• The Service.cs implementation file.
    • The App_Data folder
  5. Rename Service.svc to something more meaningful e.g.TempConverterService.svc.
  6. In the .svc file, modify the <%@ Service> directive so that it refers to your service:
    • Change the Service attribute to your service implementation class.
    • Remove the CodeBehind attribute and value.
  7. The directive in the .svc file will look like this:

    <%@ ServiceHost Language=”C#” Debug=”true” Service=”TempConverterServiceLibrary.TempConverter” %>

  8. Host

  9. Open Web.config and notice there’s no reference to your service. This illustrates that your application is making use of default WCF configuration instead.
  10. Set the sartup order of projects in your solution:
    • Right-Click the Solution Filein Solution Explorer
    • Select Properties from the Context Menu
    • Select Muliple start-up projects, set the projects order and action:

    Start Up

  11. Build your host project and run it. View the WSDL for the service.
  12. View code file.

Exercise 4: Creating a Client Application

A client application can call the methods of a WCF service. It does this by creating a local proxy class that represents the remote service class.

  1. In your solution, add a new Console project. Choose a suitable name (e.g. MyClient).
  2. Add a Service Reference to your project, to reference the WCF service you created earlier (in the Add Service Reference dialog box, you’ll have to enter an address such as http://localhost:8001/YourServiceName.svc?wsdl). View the generated code for the proxy class, if you’re curious.

  3. Service Reference

  4. Modify your client program so that it invokes methods on the WCF service, as follows:
    • Create a proxy object.
    • Invoke both methods on the proxy object to convert temperatures
    • Close the proxy object when you’re finished.
    using (TempConverterClient proxy = new TempConverterClient())
    double f = proxy.CtoF(100);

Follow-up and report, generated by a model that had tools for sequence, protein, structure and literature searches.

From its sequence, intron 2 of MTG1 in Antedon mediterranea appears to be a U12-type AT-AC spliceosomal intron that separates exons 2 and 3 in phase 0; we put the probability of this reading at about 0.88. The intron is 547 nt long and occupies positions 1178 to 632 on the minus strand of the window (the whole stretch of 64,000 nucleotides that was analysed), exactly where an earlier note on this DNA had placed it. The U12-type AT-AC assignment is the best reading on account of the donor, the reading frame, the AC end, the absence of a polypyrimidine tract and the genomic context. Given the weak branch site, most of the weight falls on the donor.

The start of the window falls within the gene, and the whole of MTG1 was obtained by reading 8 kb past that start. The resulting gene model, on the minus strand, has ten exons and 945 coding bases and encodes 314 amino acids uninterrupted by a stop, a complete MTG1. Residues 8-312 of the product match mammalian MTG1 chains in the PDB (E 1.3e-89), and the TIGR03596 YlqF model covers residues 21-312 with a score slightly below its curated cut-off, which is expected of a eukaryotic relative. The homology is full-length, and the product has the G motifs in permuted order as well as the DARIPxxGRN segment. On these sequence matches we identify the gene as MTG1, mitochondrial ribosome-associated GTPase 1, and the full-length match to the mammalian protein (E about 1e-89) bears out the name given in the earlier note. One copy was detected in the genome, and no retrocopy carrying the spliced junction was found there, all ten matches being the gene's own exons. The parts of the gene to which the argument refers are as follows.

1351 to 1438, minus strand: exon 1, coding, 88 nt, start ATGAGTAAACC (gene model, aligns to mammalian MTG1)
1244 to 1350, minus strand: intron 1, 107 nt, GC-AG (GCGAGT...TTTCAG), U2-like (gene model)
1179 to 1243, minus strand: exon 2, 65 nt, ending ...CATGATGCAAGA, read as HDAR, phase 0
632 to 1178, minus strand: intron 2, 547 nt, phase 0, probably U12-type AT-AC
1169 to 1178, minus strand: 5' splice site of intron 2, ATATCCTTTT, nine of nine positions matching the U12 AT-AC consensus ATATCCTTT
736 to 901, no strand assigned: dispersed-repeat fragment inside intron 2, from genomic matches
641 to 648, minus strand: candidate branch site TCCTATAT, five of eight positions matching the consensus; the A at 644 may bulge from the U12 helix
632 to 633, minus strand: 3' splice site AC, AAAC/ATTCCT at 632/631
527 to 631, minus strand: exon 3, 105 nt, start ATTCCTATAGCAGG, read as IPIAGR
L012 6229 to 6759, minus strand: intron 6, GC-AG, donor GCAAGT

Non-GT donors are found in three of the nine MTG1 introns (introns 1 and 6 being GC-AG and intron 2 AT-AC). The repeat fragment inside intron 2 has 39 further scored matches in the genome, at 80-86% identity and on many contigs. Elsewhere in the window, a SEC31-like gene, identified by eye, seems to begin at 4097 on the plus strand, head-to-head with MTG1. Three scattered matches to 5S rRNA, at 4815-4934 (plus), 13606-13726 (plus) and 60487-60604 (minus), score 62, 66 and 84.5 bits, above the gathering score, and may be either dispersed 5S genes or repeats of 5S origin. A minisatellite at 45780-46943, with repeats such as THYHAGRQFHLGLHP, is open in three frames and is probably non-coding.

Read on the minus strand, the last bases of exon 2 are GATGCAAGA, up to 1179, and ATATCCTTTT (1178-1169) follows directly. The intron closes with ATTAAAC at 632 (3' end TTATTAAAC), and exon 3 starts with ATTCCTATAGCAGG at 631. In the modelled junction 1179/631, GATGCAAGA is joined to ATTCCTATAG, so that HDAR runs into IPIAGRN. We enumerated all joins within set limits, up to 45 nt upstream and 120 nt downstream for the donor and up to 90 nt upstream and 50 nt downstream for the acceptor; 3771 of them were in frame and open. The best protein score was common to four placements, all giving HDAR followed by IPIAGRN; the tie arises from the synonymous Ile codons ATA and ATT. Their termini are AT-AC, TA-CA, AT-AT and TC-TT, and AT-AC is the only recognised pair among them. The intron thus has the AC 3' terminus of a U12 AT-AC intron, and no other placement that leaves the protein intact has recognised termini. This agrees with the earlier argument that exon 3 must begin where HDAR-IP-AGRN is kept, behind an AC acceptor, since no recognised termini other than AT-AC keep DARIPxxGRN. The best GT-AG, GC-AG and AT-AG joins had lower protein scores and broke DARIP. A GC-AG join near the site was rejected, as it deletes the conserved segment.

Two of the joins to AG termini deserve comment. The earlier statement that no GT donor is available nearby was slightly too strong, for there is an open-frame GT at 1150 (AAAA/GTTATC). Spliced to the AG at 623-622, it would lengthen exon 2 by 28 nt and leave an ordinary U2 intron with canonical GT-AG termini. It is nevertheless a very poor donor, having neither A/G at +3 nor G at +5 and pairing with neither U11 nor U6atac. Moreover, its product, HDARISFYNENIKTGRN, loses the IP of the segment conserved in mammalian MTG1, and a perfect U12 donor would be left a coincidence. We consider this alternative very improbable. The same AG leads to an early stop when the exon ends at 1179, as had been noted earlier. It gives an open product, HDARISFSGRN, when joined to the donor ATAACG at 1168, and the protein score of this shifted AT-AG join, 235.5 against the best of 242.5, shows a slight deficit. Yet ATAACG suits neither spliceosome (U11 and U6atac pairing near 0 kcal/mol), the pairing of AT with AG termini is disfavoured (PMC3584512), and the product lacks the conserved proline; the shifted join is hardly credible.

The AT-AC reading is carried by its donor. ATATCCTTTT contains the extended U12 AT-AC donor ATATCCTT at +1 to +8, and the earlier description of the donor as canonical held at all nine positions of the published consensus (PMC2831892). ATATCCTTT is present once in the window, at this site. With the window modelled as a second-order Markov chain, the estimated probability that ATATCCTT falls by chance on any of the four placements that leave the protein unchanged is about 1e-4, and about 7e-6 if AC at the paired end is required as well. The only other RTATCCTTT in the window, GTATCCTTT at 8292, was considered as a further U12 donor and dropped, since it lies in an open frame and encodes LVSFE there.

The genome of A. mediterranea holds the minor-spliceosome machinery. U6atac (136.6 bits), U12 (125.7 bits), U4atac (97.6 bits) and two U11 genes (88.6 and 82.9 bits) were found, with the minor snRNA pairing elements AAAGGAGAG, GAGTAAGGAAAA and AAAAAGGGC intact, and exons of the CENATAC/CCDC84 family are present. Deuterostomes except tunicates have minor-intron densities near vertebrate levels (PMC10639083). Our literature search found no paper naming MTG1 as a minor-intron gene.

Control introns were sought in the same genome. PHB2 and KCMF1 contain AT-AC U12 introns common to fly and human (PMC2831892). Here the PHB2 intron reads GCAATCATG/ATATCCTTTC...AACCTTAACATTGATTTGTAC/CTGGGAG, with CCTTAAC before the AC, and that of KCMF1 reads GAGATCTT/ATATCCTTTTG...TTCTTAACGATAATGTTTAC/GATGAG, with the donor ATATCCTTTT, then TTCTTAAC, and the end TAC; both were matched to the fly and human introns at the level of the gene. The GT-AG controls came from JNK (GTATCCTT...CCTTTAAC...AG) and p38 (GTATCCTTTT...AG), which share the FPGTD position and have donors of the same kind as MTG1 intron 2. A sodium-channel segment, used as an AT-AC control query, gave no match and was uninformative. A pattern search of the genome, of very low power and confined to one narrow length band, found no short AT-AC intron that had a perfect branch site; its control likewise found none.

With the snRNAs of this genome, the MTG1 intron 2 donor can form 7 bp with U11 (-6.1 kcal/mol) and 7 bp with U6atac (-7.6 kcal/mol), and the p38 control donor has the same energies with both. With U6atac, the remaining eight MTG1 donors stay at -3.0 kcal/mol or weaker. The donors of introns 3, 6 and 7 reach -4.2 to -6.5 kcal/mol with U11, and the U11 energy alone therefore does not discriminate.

Console.WriteLine("100C = {0}F", f);


  5. Set the sartup order of projects in your solution:
    • Right-Click the Solution Filein Solution Explorer
    • Select Properties from the Context Menu
    • Select Muliple start-up projects, set the projects order and action:

    Start Up

  6. Run the client application. Verify that it can access the WCF service successfully.
  7. View code file.

Exercise 5: Deploying the service to IIS
The service will be deployed to the IIS web server. This is a common and straightforward way of publishing services.

  1. In Windows Explorer, create a new folder named C:\MyWebFolder.
  2. Open the IIS Manager window, by running inetmgr from the Windows Start menu.
  3. In IIS Manager, locate the Default Web Site.

  4. Right-click the Default Web Site, and click Add Application. Specify the following details:
    • Alias: Specify a name such as MyWebFolder.
    • Physical Path: Specify the folder you created in Step 1, C:\MyWebFolder.
  5. Deploy your service to the IIS application folder, as follows:
    • Copy your host project .svc file and Web.config files to C:\MyWebFolder.
    • Copy your host project .dll file to C:\MyWebFolder\bin.
    • Copy your Web service .dll file to C:\MyWebFolder\bin.
  6. In a browser, enter an address such as the following, to verify your service is accessible:


    Note: If you get a “403” error in the browser window, it might be because IIS hasn’t been configured to recognize the .svc file extension.

  7. If this happens, you can fix it easily as follows (this installs the WCF Service Model Runtime engine into IIS):
    • Open a Visual Studio 2010 Command Prompt window.
    • Change directory to C:\Windows\Microsoft.NET\Framework\v0.xxxxx (specify the correct number rather than xxxxx).
    • Run ServiceModelReg.exe -ia
  8. In Visual Studio, in your client project, add a Service Reference to the IIS-hosted WCF service.
  9. Write code in the client program to invoke methods on the IIS-hosted WCF service.